Worldwide Loss of Interior Forest

Researchers look beyond the numbers to see the true impacts of global forest loss

by Stephanie Worley Firley, EFETAC
A 2010 aerial photo of land near Hiram, Georgia, overlaid with color represents spatial patterns based on global tree cover data. Tree cover as of 2012 is shown in transparent green; tree cover loss from 2000 to 2012 is shown in transparent blue. Photo courtesy of National Agriculture Imagery Program.

A 2010 aerial photo of land near Hiram, Georgia, overlaid with color represents spatial patterns based on global tree cover data. Tree cover as of 2012 is shown in transparent green; tree cover loss from 2000 to 2012 is shown in transparent blue. Photo courtesy of National Agriculture Imagery Program.

Between 2000 and 2012, the world lost forest area and gained forest area. But the losses exceeded the gains, according to U.S. Forest Service researchers and partners who compared tree cover data from those years and estimated a global net loss of 1.71 million square kilometers of forest — an area about two and a half times the size of Texas. That’s only part of the story, though.

“In addition to the direct loss of forest, there was a widespread shift of the remaining global forest to a more fragmented condition,” says Kurt Riitters, a research ecologist and team leader with the Eastern Forest Environmental Threat Assessment Center and the lead author of a study describing the phenomenon, recently published in the journal Landscape Ecology. “Forest area loss alone underestimates ecological risks from forest fragmentation. The spatial pattern of forest is important because the same area of forest can be arranged in different ways on the landscape with important consequences for ecosystem processes.”

To understand where risks from forest fragmentation might be greatest, the researchers evaluated the loss of interior forest — core areas that, when intact, maintain critical habitat and ecological functions. (In contrast, non-interior forest edge areas are subject to impacts from invasive species, pollution, and variation in soil moisture, for example.) Using global tree cover data, researchers mapped the forests of 2000 and 2012 and examined the patterns of change across ecological regions and biomes. Their analysis revealed a net loss of 3.76 million square kilometers of interior forest area, or about ten percent of interior forest — more than twice the global net loss of forest area. The rate at which interior forest area was lost was more than three times the rate of global forest area loss.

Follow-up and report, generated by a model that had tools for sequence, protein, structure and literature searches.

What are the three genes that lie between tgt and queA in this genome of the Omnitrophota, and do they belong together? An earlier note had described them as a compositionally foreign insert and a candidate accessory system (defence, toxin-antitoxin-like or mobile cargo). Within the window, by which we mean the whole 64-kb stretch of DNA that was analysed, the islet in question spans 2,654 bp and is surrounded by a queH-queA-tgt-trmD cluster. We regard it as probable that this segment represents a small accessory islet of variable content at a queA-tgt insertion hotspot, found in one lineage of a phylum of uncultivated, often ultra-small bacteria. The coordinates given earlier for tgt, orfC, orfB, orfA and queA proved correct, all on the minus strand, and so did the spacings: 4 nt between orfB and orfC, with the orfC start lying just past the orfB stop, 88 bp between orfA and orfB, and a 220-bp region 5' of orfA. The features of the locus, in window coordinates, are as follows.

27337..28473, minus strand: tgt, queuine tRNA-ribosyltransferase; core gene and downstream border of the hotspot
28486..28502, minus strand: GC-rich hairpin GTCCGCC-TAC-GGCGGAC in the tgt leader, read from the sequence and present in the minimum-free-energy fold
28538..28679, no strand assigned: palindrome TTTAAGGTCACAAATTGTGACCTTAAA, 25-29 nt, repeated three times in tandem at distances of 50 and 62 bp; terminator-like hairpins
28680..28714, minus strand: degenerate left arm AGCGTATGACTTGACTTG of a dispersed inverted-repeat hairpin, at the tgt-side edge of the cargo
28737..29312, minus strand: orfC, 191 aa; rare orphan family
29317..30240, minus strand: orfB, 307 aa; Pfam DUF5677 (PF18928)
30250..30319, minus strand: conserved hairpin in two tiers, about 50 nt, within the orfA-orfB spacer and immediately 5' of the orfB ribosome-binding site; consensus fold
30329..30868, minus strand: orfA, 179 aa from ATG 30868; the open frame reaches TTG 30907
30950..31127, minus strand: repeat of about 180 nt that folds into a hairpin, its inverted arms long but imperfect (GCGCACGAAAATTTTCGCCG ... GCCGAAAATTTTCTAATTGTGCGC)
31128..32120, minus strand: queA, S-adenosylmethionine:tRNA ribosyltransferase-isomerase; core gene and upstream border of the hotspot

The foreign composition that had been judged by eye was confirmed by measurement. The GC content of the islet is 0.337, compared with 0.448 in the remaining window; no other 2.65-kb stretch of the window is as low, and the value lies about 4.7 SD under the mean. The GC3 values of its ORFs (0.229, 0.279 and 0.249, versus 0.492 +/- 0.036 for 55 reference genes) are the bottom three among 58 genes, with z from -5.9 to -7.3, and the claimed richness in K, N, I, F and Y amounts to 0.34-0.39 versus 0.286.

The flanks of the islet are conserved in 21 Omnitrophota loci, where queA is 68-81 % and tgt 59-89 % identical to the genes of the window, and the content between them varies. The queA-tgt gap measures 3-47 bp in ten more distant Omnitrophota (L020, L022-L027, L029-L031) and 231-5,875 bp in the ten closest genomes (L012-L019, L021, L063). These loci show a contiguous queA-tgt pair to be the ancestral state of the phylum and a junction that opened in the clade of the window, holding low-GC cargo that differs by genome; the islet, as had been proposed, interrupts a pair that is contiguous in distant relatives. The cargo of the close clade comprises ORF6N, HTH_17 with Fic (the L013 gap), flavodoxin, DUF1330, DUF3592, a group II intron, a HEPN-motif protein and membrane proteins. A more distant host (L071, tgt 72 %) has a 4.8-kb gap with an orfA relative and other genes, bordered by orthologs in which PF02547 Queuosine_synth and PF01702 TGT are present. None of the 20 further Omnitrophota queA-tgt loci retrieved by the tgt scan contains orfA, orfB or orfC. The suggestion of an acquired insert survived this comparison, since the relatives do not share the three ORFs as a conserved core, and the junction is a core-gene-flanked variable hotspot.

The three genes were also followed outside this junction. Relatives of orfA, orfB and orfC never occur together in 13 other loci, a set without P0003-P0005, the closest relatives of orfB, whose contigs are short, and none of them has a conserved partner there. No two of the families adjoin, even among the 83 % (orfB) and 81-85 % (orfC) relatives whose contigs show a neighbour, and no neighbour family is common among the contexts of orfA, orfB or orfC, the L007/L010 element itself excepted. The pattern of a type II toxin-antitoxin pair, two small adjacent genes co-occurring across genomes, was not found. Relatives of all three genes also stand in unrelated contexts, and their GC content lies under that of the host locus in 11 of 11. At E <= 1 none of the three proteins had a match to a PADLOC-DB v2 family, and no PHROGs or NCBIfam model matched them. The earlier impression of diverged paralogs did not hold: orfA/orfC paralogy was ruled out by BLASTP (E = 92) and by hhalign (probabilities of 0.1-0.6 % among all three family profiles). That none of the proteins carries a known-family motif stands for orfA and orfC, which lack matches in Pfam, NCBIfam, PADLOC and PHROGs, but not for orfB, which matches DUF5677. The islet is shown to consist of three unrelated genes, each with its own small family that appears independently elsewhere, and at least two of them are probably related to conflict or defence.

All forest biomes experienced a net loss of interior forest area during the study period. Across the globe:

  • Temperate coniferous forests experienced the largest percentage of loss,
  • Tropical and subtropical moist broadleaf forests lost the most area of interior forest, and
  • Boreal forests and taiga lost interior forest at the highest rate.

Researchers note that the reasons for losses, and therefore the consequences, depend on local circumstances. Human activities and land use changes that result in permanent deforestation have a much greater impact than temporary deforestation from natural disturbances, such as a fire.

Monitoring remains an important tool to provide early warnings of forests at risk of reaching a tipping point, and the results of this study can inform and focus conservation and management decisions in areas of concern. “As forest area is lost and the remainder becomes more fragmented, the remaining forest may no longer function as interior forest,” explains Riitters. “Sustaining forest interior is arguably as important as sustaining forest itself.”

The study’s coauthors include James Wickham, U.S. Environmental Protection Agency; Jennifer Costanza, North Carolina State University/Eastern Threat Center; and Peter Vogt, European Commission Joint Research Centre.

Read the full text of the article.

For more information, email Kurt Riitters at kriitters@fs.fed.us.

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